THE DROWNING POOL
(director: Stuart Rosenberg; screenwriters: Lorenzo Semple Jr./Tracy Keenan Wynn/Walter Hill/ based on the novel by Ross MacDonald; cinematographer: Gordon Willis; editor: John C. Howard; music: Michael Small; cast: Paul Newman (Lew Harper), Joanne Woodward (Iris Devereaux), Tony Franciosa (Broussard), Murray Hamilton (Kilbourne), Gail Strickland (Mavis Kilbourne), Melanie Griffith (Schuyler Devereaux), Linda Haynes (Gretchen), Richard Jaeckel (Lt. Franks), Paul Koslo (Candy), Coral Browne (Olivia Devereaux), Richard Derr (James Devereaux), Linda Haynes (Gretchen, hooker), Andy Robinson (Pat Reavis, chauffeur), Elaine Reavis .(Helena Kallianiptes); Runtime: 108; MPAA Rating: NR; producers: Lawrence/David Foster; Warner Brothers; 1975)
“It has a field day recycling private eye cliches while down in the bayou.”
Reviewed by Dennis Schwartz
A box-office bomb. The title is derived from its climax at an abandoned mental home’s hydrotherapy plant. The crime drama was flatly directed by Stuart Rosenberg(“Cool Hand Luke”/”Pocket Money”/”Love and Bullets”). It’s based on the 1950 novel by the noted crime author Ross MacDonald. Writers Lorenzo Semple Jr., Tracy Keenan Wynn and Walter Hill keep it shallow, confusingly plotted and dreary. Paul Newman gets another crack at playing the smooth private eye Harper, a role he successfully played in the 1966 film Harper. But this second time around, the pic doesn’t work. It has a field day recycling private eye cliches while down in the bayou.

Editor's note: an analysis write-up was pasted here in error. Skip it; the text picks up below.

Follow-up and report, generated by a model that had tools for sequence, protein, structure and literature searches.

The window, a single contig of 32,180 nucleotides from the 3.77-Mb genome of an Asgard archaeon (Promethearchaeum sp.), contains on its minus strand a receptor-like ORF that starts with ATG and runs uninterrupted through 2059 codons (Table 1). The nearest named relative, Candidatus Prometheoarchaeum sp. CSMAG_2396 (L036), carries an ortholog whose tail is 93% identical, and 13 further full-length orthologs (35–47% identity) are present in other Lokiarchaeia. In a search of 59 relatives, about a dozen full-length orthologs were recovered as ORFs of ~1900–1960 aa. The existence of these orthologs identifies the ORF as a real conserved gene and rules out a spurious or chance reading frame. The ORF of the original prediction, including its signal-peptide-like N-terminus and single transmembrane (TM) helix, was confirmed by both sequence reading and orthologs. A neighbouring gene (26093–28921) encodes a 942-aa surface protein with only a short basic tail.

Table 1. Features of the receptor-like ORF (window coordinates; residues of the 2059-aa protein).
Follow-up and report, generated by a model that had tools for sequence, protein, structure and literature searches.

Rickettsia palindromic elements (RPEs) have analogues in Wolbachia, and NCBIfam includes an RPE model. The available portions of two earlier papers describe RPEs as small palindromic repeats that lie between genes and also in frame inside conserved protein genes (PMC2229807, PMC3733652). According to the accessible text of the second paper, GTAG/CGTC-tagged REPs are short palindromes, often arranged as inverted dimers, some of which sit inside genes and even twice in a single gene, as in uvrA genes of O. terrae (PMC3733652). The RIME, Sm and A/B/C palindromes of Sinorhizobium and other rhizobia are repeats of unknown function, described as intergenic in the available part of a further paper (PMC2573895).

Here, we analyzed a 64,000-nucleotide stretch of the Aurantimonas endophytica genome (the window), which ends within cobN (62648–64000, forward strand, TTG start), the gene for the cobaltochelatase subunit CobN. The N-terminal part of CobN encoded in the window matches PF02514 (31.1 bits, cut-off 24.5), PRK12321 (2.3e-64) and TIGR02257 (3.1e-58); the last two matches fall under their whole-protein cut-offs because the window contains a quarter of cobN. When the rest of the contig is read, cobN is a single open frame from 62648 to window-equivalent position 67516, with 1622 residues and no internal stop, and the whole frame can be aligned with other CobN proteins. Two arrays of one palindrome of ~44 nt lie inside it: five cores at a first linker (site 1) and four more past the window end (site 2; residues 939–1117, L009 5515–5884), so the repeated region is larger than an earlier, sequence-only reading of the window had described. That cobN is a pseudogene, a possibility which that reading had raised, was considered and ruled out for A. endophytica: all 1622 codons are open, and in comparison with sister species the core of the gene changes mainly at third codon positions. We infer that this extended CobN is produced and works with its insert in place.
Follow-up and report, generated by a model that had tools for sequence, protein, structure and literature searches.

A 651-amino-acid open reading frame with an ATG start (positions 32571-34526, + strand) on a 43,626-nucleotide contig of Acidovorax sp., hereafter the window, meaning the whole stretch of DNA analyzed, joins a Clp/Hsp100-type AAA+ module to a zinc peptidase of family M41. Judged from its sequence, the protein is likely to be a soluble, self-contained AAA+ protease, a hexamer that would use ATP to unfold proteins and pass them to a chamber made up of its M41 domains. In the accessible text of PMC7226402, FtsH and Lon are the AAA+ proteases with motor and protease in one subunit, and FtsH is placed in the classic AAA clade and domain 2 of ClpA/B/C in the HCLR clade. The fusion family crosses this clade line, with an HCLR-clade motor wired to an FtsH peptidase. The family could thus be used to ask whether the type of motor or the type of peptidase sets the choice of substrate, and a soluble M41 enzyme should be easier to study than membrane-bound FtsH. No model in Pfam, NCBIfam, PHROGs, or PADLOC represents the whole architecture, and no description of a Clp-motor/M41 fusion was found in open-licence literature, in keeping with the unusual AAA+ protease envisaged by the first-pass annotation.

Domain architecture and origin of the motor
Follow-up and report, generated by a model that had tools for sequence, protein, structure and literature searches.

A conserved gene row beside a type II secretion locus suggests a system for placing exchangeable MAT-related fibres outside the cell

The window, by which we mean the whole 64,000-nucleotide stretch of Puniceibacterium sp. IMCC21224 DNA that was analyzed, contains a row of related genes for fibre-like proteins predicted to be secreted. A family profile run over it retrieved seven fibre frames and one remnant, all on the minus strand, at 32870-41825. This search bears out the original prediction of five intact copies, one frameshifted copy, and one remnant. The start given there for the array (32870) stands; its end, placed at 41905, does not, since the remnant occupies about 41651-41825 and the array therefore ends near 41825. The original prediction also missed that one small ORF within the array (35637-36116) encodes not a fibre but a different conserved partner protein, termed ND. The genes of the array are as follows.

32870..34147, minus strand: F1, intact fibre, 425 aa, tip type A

LA gumshoe Lew Harper (Paul Newman) goes to the Louisiana bayou to take the blackmail case of his former lover Iris Devereaux (Joanne Woodward, Newman’s wife), to protect her from an anonymous blackmailer who threatens to expose her infidelity. Iris married into the prominent oil family of James Devereaux (Richard Derr), and has a scheming sexpot jail-bait daughter named Schuyler (Melanie Griffith).
Harper survives nasty treatment by the interfering Beau Rivage police chief (Tony Franciosa); a few beatings by local thugs; the murder of Iris’ wealthy mother-in-law (Coral Browne); a blackmailing stud, the fired family chauffeur (Andy Robinson), who also is soon murdered; Iris’ unfriendly homosexual husband (Richard Derr) and, the film’s villain, the greedy, unscrupulous and grasping for his rival’s oil drilling fields, the sleazy oil baron Kilbourne (Murray Hamilton). Harper also receives some enticing financial offers to stop investigating, as he gets in the middle of the heated power struggle between the rival oil tycoons.
Richard Jaeckel plays a corrupt police officer. Linda Haynes plays a dim-witted hooker and the married chauffeur’s girlfriend. Paul Koslo plays one of Hamilton’s Cajun thugs.
What worked best was the bayou atmosphere created by the photography of Gordon Willis, giving the pic a sense of exotic reality; otherwise it’s a drag.
REVIEWED ON 6/1/2015 GRADE: C+ https://dennisschwartzreviews.com/